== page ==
Endemic racism is seen in the cases of athletes such as Semenya and others, where they have been targeted for an apparent reason but the underlying reason is often prejudice and unfair policies that strike at the essence of their human dignity.  

Semenya is not a person who decided on a whim to use her biological advantages to race as a woman. She was raised a woman and has been running in races as a woman all her life. Her entire community knows her as the quiet yet determined and inspiring woman she is. To debate her gender and biology at the table of human opinion is both humiliating and degrading. And because she is a black woman, it’s been deemed acceptable for the world’s leading sporting authorities, led by men, to pry and prod at the core of her personal integrity and identity.

Respect for human dignity is the foundation of our society and is at the very centre of this case. Semenya has been stigmatised, humiliated and segregated because of her natural physical attributes. Yet the IAAF, a male dominated sporting organisation, believes she is “not female enough” for what they choose to name “the female category”. And so, as things currently stand, she is expected to become a guinea pig for untested science so she can conform to their standards of what it is to be a woman, to increase the chance for other female athletes to win.  

I argue that if the current state of things is not overturned it sets a dangerous precedent in sport that will continue to create moral and ethical dilemmas that exploit the most vulnerable and oppressed members of society and keep the international elite arena of sport for a select portion of society.  

Of course, there are claims that this case will “open the floodgates” and have far-reaching repercussions for sports and international competitions, but the concerns are misplaced. It certainly does not mean men will start competing in women’s races. Here, even talking about these fears of the giants smacks of racism. Would it be said if we were talking about a woman of another race?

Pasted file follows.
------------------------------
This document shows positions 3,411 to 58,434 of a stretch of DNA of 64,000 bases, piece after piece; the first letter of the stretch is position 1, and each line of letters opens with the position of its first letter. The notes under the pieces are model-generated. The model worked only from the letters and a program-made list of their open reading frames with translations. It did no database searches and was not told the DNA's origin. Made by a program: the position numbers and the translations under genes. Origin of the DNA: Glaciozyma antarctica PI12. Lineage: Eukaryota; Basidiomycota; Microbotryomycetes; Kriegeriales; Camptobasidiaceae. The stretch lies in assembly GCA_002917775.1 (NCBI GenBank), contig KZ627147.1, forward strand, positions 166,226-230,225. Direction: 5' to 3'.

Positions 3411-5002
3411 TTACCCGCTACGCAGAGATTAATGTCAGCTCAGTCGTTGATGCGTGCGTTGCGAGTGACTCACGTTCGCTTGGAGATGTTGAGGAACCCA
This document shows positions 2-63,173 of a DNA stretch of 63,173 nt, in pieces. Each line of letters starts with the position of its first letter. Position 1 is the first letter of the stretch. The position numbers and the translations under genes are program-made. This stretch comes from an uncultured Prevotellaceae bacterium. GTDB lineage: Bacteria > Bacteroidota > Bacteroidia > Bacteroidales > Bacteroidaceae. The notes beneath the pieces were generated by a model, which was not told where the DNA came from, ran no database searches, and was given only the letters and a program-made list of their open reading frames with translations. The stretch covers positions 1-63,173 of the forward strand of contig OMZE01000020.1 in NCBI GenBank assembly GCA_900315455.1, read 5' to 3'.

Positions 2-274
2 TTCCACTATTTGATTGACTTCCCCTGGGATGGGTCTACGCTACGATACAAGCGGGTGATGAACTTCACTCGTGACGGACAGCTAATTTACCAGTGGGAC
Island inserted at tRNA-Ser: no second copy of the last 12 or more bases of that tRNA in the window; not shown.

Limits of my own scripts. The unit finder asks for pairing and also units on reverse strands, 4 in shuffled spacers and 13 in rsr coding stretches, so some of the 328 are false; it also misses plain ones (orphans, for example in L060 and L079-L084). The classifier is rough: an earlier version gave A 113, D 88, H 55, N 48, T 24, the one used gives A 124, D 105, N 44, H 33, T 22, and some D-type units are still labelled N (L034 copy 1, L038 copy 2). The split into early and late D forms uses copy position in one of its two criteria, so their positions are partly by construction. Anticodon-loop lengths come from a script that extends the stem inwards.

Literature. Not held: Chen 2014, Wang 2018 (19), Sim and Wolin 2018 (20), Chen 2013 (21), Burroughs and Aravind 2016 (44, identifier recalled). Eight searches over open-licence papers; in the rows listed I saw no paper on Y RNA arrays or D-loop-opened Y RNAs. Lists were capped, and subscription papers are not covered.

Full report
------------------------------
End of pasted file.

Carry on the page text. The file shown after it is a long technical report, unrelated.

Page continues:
The sporting arena has always been highly political and Nelson Mandela understood and leveraged its unique influence to change a nation. In his famous Laureus Sports Awards speech he reminded the world: “Sport has the power to change the world ... Sport can create hope where there was once despair. It is more powerful than governments in breaking down racial barriers. It laughs in the face of all types of discrimination.” 

It would be good for the world’s sporting federations to remember the words of our former political David who took on the giant of apartheid and harnessed the power of sport to break down global barriers of institutional racism, which sadly are still alive and well across the world. Until then we can and must take on the giant of systemic racism, one Goliath at a time.

• Nott is Olympic athlete, Caster Semenya’s lawyer and head of the Africa practice team at Norton Rose Fulbright.


Would you like to comment on this article or view other readers' comments?
Register (it’s quick and free) or sign in now.

Speech Bubbles

Please read our Comment Policy before commenting.